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J Infect Dis. 2000 Feb;181(2):555-63.

Genital tract human immunodeficiency virus type 1 (HIV-1) shedding and inflammation and HIV-1 env diversity in perinatal HIV-1 transmission.

Author information

1
Department of Obstetrics, Brigham and Women's Hospital, Harvard Medical School, Boston, Massachusetts, USA.

Abstract

This study sought to identify genital tract characteristics associated with vertical transmission of human immunodeficiency virus type 1 (HIV-1). HIV-1 DNA and RNA, HIV-1 env diversity, and inflammatory cells were quantified in cervicovaginal lavages (CVLs) of 24 women enrolled in the Women and Infants Transmission Study; 7 women transmitted HIV-1 perinatally. Vaginal candidiasis, HIV-1 culture positivity, levels of HIV-1 DNA and cell-free RNA, and HIV-1 env diversity were significantly higher in the CVLs of transmitters. CVL HIV-1 DNA levels correlated with higher levels of inflammatory cells and cell-free HIV-1 RNA. Of subjects with paired blood and CVL specimens, there was more HIV-1 env heterogeneity between blood and CVLs in transmitters than in nontransmitters. In summary, increased HIV-1 shedding is correlated with a more complex population of HIV-1 quasispecies in the genital tracts of parturient women, which may increase the probability that a fetotropic strain is transmitted.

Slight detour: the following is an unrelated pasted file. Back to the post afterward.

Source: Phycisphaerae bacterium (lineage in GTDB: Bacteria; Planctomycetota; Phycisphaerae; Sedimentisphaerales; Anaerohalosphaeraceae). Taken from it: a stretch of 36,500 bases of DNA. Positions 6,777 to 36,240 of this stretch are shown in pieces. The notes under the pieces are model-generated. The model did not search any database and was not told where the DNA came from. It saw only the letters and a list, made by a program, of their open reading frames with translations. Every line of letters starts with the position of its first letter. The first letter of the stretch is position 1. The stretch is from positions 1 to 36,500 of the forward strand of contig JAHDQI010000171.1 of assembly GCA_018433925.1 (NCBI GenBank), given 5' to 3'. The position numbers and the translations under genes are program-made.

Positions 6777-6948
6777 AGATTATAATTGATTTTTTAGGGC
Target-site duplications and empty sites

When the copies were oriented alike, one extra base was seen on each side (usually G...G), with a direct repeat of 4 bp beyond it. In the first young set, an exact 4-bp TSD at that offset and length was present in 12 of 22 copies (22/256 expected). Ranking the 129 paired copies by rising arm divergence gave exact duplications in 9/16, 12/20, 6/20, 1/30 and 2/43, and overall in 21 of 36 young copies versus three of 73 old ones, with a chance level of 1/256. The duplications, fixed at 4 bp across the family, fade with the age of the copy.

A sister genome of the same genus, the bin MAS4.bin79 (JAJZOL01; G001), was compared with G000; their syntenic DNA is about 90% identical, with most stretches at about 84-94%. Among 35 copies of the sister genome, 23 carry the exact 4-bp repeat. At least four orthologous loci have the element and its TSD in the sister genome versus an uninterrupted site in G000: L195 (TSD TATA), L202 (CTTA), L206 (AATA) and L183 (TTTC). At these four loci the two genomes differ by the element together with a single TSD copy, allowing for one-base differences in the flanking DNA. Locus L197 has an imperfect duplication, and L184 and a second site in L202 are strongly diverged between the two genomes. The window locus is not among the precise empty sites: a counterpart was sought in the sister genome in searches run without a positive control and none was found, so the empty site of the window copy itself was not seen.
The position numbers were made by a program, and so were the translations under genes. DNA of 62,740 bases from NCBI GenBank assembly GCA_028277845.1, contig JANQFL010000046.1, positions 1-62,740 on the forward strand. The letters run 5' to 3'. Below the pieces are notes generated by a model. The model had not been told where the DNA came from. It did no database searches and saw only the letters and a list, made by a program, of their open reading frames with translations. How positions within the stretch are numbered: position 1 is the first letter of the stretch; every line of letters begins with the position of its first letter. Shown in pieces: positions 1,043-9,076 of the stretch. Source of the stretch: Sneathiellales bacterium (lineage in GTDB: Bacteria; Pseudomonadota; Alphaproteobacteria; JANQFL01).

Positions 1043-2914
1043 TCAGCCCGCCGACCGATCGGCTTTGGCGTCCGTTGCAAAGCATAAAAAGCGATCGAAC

PMID:
10669339
DOI:
10.1086/315230
[Indexed for MEDLINE]

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